Thursday, January 7, 2010
Back in our pre-child, two income, exploding stock and real estate market days, we bought several pieces of fancy furniture. Those still with us have survived three moves, said child and the changes of fashion, mood and use that twelve years will bring. This Wittman chair has been a great favorite. To me the lines are subtly something special, yet undemanding. You don't have to take notice of the chair as an object to appreciate how comfortable it is for sitting, but you are free to appreciate its cozy curves if you choose.
When we bought this chair from Adesso in Boston, its "removable" cover was a great selling point for me. The salesperson claimed that the cover could simply be unzipped and replaced at whim. Well, you could buy a nice new armchair for the cost of the cover, so it would have to be more than a whim, but still it appealed to me.
A decade and then-some on, the cover was in bad shape. The depradations of a now-rehomed cat made replacement a necessity. I signed up for an upholstery class at our local technical college, sure that with my sewing skills I would zip through this project in less than the nine-week session.
First of all, making this cover turned out not to be an upholstery project at all, but rather a slipcovering project. Second, the cover was removable, but only in the sense that it could be removed after extracting about 300 staples and ripping the cover and all of its clever supporting flanges off of the foam structure of the chair. This cover was so extensively adhered to the foam that I would never have had the courage to remove it without the upholstery course instructor's assurances that I was not destroying the chair in the process.
Working on furniture is hard physical labor. I guess I should have known that, but I was surprised at the contrast with other types of sewing.
After removing the cover, the instructor had me separate the pieces gradually. He said that if I just ripped all the seams at once and laid them down flat, I'd never figure out how to get the thing back together. What good advice that was!
Slowly I ripped and picked the thing apart, and slowly I cut and sewed its replacement together. It was a joy to see the wonderful construction and craftsmanship of this cover. On every piece, the centers were notched, as were key match points. By copying these, I found that I could sew the pieces together with relative ease. Every seam was topstitched to hold the seam allowances flat. The cover was put together like a detailed and beautifully thought-out garment.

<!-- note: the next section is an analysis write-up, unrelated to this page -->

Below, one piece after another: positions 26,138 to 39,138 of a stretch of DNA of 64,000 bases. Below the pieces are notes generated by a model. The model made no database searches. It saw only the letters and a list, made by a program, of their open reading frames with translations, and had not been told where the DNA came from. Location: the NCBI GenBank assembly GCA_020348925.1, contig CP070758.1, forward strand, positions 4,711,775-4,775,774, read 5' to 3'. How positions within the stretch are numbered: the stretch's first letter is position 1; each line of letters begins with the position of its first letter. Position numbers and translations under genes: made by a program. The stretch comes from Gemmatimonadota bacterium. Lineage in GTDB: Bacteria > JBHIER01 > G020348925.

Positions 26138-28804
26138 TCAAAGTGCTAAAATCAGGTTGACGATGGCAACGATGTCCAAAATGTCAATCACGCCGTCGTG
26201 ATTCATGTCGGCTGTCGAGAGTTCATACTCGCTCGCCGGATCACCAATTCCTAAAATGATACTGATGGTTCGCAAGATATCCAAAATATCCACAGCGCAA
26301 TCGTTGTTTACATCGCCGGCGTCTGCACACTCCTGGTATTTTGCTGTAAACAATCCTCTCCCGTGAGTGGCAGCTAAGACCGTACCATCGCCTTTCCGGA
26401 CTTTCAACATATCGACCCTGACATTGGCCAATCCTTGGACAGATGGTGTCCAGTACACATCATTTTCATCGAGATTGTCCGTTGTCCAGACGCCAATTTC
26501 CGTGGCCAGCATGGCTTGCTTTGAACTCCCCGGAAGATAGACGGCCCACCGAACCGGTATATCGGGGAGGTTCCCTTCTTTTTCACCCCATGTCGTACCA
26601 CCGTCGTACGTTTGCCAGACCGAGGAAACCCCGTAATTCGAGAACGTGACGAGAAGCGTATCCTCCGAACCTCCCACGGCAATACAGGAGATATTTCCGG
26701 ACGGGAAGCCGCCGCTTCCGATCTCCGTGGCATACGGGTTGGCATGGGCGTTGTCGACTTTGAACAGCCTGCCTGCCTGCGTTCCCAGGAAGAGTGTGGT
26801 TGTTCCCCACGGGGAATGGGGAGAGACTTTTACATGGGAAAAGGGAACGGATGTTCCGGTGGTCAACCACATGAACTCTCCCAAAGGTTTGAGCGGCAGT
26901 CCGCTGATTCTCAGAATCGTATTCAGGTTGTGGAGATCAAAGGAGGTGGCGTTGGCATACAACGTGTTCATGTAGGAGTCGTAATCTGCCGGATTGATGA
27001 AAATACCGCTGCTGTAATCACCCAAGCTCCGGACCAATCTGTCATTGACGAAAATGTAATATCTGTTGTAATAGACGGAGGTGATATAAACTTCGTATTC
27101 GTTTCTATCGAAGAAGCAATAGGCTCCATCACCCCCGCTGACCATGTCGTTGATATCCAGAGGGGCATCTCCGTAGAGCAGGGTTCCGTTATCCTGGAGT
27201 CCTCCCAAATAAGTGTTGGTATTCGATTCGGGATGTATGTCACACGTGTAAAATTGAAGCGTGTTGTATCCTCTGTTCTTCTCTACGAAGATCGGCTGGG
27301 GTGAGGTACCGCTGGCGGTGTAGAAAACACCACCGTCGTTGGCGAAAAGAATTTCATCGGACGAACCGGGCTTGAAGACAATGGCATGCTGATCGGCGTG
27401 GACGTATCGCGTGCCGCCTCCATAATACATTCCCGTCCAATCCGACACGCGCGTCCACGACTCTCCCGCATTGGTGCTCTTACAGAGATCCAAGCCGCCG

At the end of the course (attending eight sessions and working at home on the project several hours as well), the chair cover was finished and the chair was dressed, with the much-needed assistance of the instructor. The only thing left was the cushion cover. I brought my mostly-refurbished item home, threw a piece of fabric over the cushion, and so it stayed for many months.
I've read on many sewing blogs that having one's basement sewing space become uninhabitable during particularly cold periods is common. My sewing operation has moved temporarily up to the living room, where a Singer Copenhagen cabinet holds one of my vintage machines. My husband finished installing our Craigslist woodstove three days ago, and now the living room is the place to be.
Seeing as how the sewing machine and the chair were within ten feet of one another, the time to make the cushion cover had clearly arrived.
Disassembling, marking and pressing the original cushion cover took a couple of warm hours. Cutting, marking and sewing the new one took another couple. But how satisfying is the result: a truly finished project that fills me with pride. This cover really stretched my skills. It confirmed, once again, that home decoration projects are not my favorites. In copying the cover, I was inspired by the workmanship and design of the original.
This is a commercial fabric by Knoll. Commercial fabric is rated for the number of "double rubs" it can withstand before showing wear. This one had a very durable rating of something like 100,000 double rubs. Special-ordered, it costs something like $40 a yard. My upholstery instructor runs the refurbishing operation at our local Office Environments, a high-end contract furniture company. He sold me a five-yard remnant for this cover for $15. Total. If you have home dec projects (particularly those requiring smaller yardage), an office furniture supplier might be a good source for fabric.